Despite the last blast of snow that accompanied opening weekend, Shadowbox is ready to usher in warmer weather with their latest sketch-and-song offering, the appropriately titled "Spring Fling."

Despite the last blast of snow that accompanied opening weekend, Shadowbox is ready to usher in warmer weather with their latest sketch-and-song offering, the appropriately titled "Spring Fling."

But while the troupe may be ready for the new season, they're not quite as ready for "Spring," a hodgepodge collection that lacks the centralized theme of the better Christmas and sex shows.

"Spring Fever" has a few more trouble spots than usual, but there's still plenty to be pleased about, mostly in the musical portions.

The highlight is a rendition of Santana's "Oye Como Va," complete with a spicy Latin-inspired dance choreographed by Katy Psenicka. That dance interlude has an organic and loose feel that complements the music perfectly.

Bolstered by a showstopping electric violin solo from David Whitehouse, Julie Klein's take on The Who's "Baba O'Riley" closes the first act on a very high note.

Among the other strong musical performances are Mary Randle's "China Groove," Jennifer Hahn's "Every Little Thing She Does is Magic" and J.T. Walker III's "Rock This Town."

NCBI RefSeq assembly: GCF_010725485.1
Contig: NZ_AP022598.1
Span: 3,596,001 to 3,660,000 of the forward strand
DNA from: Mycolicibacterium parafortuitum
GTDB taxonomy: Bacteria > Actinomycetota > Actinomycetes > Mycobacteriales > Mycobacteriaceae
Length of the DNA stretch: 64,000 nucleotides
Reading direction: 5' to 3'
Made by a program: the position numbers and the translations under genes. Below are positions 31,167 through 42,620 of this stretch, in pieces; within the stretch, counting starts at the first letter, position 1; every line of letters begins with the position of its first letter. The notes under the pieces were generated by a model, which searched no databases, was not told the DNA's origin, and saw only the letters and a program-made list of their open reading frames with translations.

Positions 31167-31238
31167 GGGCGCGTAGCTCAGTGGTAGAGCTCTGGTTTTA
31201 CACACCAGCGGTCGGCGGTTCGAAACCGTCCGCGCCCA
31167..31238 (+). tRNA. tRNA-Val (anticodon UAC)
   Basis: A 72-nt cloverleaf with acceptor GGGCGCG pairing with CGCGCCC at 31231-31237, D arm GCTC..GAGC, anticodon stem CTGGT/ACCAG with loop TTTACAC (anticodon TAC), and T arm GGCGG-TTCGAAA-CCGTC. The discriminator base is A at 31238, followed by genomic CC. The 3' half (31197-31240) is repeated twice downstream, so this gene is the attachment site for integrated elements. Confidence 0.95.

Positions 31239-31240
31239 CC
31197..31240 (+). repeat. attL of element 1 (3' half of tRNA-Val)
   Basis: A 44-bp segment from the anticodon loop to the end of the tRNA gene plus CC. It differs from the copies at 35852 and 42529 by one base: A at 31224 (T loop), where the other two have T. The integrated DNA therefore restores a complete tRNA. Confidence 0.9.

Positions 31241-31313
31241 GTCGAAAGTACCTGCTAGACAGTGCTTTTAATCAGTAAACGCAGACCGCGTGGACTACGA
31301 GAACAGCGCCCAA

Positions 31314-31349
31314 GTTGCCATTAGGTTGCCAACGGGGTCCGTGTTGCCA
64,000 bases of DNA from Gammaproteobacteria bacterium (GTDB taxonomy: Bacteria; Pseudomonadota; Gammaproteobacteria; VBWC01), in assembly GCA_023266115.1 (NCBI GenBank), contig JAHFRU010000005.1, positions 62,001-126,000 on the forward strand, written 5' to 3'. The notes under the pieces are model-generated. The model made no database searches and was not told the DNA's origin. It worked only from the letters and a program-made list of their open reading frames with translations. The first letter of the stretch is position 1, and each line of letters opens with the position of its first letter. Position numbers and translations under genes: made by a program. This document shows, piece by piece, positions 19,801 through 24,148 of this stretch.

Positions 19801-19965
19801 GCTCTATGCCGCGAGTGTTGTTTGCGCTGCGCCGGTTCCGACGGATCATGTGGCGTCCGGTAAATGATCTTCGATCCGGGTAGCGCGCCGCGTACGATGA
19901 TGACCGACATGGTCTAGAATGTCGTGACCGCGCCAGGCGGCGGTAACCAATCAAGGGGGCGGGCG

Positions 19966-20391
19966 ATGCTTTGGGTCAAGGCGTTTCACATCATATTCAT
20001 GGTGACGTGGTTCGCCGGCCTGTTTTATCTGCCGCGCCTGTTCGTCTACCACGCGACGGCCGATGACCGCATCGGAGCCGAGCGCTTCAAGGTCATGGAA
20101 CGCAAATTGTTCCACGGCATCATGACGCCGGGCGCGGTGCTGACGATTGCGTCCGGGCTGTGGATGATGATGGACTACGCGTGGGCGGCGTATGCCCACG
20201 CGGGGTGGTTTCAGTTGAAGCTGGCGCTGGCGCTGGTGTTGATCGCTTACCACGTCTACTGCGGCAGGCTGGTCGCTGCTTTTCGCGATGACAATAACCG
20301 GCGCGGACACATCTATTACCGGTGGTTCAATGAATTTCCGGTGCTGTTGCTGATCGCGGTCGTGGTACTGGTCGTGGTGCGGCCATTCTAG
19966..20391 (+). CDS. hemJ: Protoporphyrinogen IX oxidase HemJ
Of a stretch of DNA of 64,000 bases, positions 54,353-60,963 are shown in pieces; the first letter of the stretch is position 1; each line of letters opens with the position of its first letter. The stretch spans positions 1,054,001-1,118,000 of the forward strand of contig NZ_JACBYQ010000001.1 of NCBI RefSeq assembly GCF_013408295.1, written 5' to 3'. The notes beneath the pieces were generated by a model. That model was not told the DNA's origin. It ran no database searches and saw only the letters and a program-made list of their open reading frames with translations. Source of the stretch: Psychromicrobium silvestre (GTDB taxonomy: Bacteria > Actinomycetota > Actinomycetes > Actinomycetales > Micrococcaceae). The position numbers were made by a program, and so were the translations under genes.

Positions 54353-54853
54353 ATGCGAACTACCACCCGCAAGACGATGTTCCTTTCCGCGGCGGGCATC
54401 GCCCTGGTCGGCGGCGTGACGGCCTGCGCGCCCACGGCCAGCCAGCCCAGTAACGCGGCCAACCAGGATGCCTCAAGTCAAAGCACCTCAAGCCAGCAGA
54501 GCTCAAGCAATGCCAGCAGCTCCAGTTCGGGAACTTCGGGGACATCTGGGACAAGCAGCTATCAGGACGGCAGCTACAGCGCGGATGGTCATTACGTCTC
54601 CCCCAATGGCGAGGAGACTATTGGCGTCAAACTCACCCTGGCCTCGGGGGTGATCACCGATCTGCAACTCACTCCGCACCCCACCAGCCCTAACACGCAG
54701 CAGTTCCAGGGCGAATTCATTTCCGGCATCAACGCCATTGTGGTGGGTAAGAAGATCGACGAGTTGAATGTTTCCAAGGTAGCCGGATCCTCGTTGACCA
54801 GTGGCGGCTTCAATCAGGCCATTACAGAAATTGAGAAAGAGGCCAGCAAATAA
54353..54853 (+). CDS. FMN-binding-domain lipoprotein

Fewer things stand out on the comedy stage. Sketches like "Branding the Bunny," starring an Easter Bunny updated for an adult audience, and "Rock Band Interactive," which adds another level of realism to the popular video game, are fun, but the jokes fall flat.

The biggest crowd pleaser is sure to be "It's Spring Break, Charlie Brown," featuring a slightly older version of the Peanuts gang. The sketch proves that even with boozy location changes, everything in the Peanuts world stays the same.

Also strong is a return of "Jason's Scary Stories," with Jason (Jimmy Mak) recalling his horrific run-in with a gym class dodgeball while his friend Jeremy (Whitehouse) provides a re-enactment through mime (adding his own commentary).

The Mak-Whitehouse duo pairs up again for "Gone Campin'," in which they give sage advice for future camping trips. The concept isn't the most innovative - most of the advice revolves around drinking copious amounts of beer - but it's packed with plenty of punch lines that keep the laughter going.